Vonage’s Loss Is Small Business’s Gain

Like a phoenix rising from the ashes of Vonage’s recently terminated Business Plus VoIP offering, ISI Communications this week announced iSIP, its own SIP trunking VoIP service for small businesses. The Vonage program, first announced as a beta test in August of this year, and employing a network of VAR/resellers, was cancelled last week.

ISI was part of that VAR/reseller network. In fact, according to Paul Salva, ISI’s CTO, “we were their first VAR. We did their test pilot in Milwaukee.” However, problems plagued Business Plus from the start. According to Salva, Vonage had troubles over local number portability, incrementally expanding service deployments, securing virtual numbers, and the like. “They just kept promising and promising, and we just kept losing business—leaving business on the table—because we couldn’t fulfill it,” Salva told VoIPplanet.com.

“So I went out and created our own SIP trunking features, and I certified it with [SIP PBX vendor] Epygi and [SIP media gateway vendor] AudioCodes—IP PBXs or devices like AudioCodes’ that convert from SIP to analog,” Salva continued. “We started selling the service and fulfilling a lot of those orders Vonage couldn’t, and then last week, Vonage came out and said they were going to discontinue the program.”

Illinios-based ISI is no startup; it’s been around for more than a decade, offering cost saving telecom services to small businesses normally served by ILECs and CLECs. Its iSIP service is now available anywhere in the continental U.S. and can be delivered to any SMB via broadband Internet connection. ISI’s roster of service-provider partners boasts numerous household names, such as MCI, Sprint, and Broadwing.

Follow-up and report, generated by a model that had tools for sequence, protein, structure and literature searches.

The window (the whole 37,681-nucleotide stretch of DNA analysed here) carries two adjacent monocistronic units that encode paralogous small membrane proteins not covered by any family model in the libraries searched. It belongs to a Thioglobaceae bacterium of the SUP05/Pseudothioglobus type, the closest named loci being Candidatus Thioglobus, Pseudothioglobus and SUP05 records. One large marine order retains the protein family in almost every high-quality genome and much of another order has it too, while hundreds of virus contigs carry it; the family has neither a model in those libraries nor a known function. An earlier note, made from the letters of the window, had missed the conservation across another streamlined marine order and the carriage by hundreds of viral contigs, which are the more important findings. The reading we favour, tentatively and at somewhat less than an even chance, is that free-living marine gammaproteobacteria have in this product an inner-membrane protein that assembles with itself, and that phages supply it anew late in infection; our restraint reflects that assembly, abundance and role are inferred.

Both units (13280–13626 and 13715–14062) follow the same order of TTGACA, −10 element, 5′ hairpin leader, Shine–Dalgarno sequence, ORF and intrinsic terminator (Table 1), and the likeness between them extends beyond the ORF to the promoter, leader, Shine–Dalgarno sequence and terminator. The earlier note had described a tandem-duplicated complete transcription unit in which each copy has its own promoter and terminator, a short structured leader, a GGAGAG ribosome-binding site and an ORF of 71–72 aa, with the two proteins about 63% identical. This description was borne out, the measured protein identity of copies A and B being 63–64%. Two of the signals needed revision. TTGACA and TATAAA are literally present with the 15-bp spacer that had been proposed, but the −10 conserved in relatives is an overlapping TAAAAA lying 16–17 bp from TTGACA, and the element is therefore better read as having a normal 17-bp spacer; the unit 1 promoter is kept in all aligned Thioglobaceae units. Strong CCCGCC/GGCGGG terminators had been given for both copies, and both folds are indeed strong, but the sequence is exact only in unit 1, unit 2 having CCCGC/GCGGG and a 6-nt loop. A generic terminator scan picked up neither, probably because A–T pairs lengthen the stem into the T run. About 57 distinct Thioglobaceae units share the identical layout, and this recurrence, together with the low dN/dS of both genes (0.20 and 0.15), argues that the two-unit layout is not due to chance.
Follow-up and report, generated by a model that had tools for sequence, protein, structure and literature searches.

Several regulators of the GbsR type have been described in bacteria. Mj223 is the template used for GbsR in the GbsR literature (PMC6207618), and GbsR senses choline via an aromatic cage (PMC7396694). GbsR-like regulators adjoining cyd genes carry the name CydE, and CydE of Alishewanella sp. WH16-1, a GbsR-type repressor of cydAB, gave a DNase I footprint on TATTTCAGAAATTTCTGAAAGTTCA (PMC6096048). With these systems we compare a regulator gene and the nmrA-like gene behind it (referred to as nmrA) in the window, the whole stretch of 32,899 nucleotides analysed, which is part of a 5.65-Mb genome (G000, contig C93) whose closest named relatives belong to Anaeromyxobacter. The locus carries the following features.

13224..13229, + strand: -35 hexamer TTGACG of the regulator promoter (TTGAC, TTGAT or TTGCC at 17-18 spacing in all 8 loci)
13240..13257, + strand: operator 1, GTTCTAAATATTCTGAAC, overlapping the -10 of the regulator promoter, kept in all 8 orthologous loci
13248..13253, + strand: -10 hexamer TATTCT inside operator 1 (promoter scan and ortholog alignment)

In addition to the preconfigured SIP service packages, the company is offering VoIP equipment and installation and support services, for a one-stop-shopping solution. ISI’s iSIP services include porting local business phone numbers—as well as toll-free numbers—to VoIP, new local and toll-free numbers, and flat-rate local and long distance ‘minutes’ packages.

The next big buzz-word
So, what is SIP trunking? As the name suggests, it involves a Session Initiation Protocol-speaking broadband Internet connection (as opposed to TDM phone connection) direct to the telephone service provider. Why is this significant? Whereas intra-organizational VoIP typically travels on the enterprise’s private IP WAN, VoIP communication outside the organization still involves circuit-switched handoff to the PSTN.

With SIP trunking, these handoffs are handled through the service provider’s SIP network at significantly lower cost. Calls destined for the PSTN are carried over the provider’s IP backbone to the PSTN gateway closest to the destination. Tolls on such calls drop significantly since local rates apply, and fewer intermediary carriers are involved in handling the call.

That’s not all. With SIP trunks, many of the recurring costs of maintaining multiple PSTN connections and dedicated PSTN interface hardware go away.

But does the SIP trunk require upgrading a company’s phone infrastructure? By no means, according to Salva. Nor does the customer have to have a PBX, IP or otherwise. SIP trunking works in all these situations.

“If a company has only 4 or 8 POTS lines, we drop in the appropriate [gateway] device to take it from SIP to analog lines,” Salva told VoIPplanet.com “If they had a full PRI (definition) coming in from the phone company—a dedicated long-distance pipe—we’d drop a dedicated SIP T-1 gateway right off their Internet connection that would then hand off a PRI to their PBX. In other words, we would replace the telco channelized voice PRI with a PRI right off one of our devices.”

According to Salva, “a lot of people are finally realizing that you don’t have to replace your phone infrastructure to get the benefits of VoIP. Cisco has been out there forklift upgrading everybody with their VoIP stuff. Companies are spending tons money to go to VoIP. And they’re still handing off TDM to the phone company!” ISI is happy to offer small businesses an alternative.

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